The first post in this series got a huge number of visitors, which makes me think that the topic is of interest to people and has to be developed further. So I'll keep writing on this subject until I run out of things to say (which will not be very soon.)
Now, the most important thing you need to do if you want to understand what happened to the Soviet Union and what's going on in its former republics right now is forget about the United States. I know that there are many people who like to believe that every single thing in the world is caused by the United States. Pseudo-liberals unwittingly demonstrate just how much they despise those of us from other countries by their insistence that if life in our countries does not correspond to their standards, that must have been caused by the interference of the US. This attitude is condescending, reductive and wrong. Today's reality of the former Soviet countries was created and is maintained by people in those countries. And it's not a reality that makes them unhappy, so fake compassion for us, poor unintelligent victims of the bad, all-powerful US, is completely misplaced. If that's the direction of your thoughts about us, you need to reexamine what psychological issues make you want to exaggerate the importance of your country at the expense of others.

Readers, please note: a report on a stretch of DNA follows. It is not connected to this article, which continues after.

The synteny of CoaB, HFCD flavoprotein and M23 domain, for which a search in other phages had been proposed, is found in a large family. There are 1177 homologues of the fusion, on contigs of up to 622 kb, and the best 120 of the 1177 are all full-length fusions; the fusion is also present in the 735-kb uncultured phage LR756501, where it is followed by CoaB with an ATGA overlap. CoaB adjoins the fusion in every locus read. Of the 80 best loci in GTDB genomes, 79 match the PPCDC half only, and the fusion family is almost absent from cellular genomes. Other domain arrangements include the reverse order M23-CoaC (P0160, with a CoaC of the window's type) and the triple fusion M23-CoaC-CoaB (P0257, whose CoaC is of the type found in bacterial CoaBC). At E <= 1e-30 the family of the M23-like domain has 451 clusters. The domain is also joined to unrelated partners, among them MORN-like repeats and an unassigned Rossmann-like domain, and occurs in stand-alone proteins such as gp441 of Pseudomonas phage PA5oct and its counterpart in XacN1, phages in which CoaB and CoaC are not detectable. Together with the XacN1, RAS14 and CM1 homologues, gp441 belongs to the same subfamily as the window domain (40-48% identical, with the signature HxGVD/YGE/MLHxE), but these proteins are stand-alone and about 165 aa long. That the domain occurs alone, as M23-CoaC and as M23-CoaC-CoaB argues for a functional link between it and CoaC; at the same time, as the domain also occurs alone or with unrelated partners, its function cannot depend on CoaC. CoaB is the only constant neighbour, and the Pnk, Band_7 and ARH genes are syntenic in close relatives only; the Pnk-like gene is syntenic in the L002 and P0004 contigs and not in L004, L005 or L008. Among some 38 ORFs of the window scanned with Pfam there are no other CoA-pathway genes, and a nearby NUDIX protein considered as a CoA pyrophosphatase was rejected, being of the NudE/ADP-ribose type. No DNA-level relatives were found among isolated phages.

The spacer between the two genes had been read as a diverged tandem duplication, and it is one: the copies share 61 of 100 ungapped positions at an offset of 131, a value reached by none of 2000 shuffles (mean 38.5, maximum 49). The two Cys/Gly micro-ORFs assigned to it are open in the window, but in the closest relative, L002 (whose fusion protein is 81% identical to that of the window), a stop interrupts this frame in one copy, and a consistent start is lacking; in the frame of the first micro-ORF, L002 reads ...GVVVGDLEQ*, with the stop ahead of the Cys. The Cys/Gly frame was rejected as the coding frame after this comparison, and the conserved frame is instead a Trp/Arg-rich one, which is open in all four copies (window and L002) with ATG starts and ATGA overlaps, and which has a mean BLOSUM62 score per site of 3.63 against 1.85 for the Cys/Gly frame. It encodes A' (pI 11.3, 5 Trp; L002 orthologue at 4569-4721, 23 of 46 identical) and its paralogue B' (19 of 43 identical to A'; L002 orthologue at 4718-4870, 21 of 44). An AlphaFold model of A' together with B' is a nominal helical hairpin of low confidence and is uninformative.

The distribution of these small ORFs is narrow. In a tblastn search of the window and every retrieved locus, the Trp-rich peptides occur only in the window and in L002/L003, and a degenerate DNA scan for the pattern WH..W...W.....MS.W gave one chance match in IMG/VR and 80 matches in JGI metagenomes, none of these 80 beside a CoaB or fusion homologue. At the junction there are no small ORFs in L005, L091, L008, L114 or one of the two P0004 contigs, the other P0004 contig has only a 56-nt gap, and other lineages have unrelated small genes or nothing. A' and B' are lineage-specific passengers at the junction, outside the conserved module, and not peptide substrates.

Even Naomi Klein, who in her imaginative and often funny book The Shock Doctrine: The Rise of Disaster Capitalism demonstrates a grievous misunderstanding of the post-Soviet Russia (she refers to Yeltsin as Russian Pinochet, for Pete's sake), recognizes in a grudging manner that the Russians beat the IMF at its own game. Those of you who have read the book know that it's informed by Klein's extremely Americentric agenda. Still, even she doesn't manage to create a convincing account of American protagonism in the collapse of the Soviet Union and the further fate of the former Soviet republics.
Now that we have established a productive framework within which these events should be discussed, we will be able to continue exploring this topic.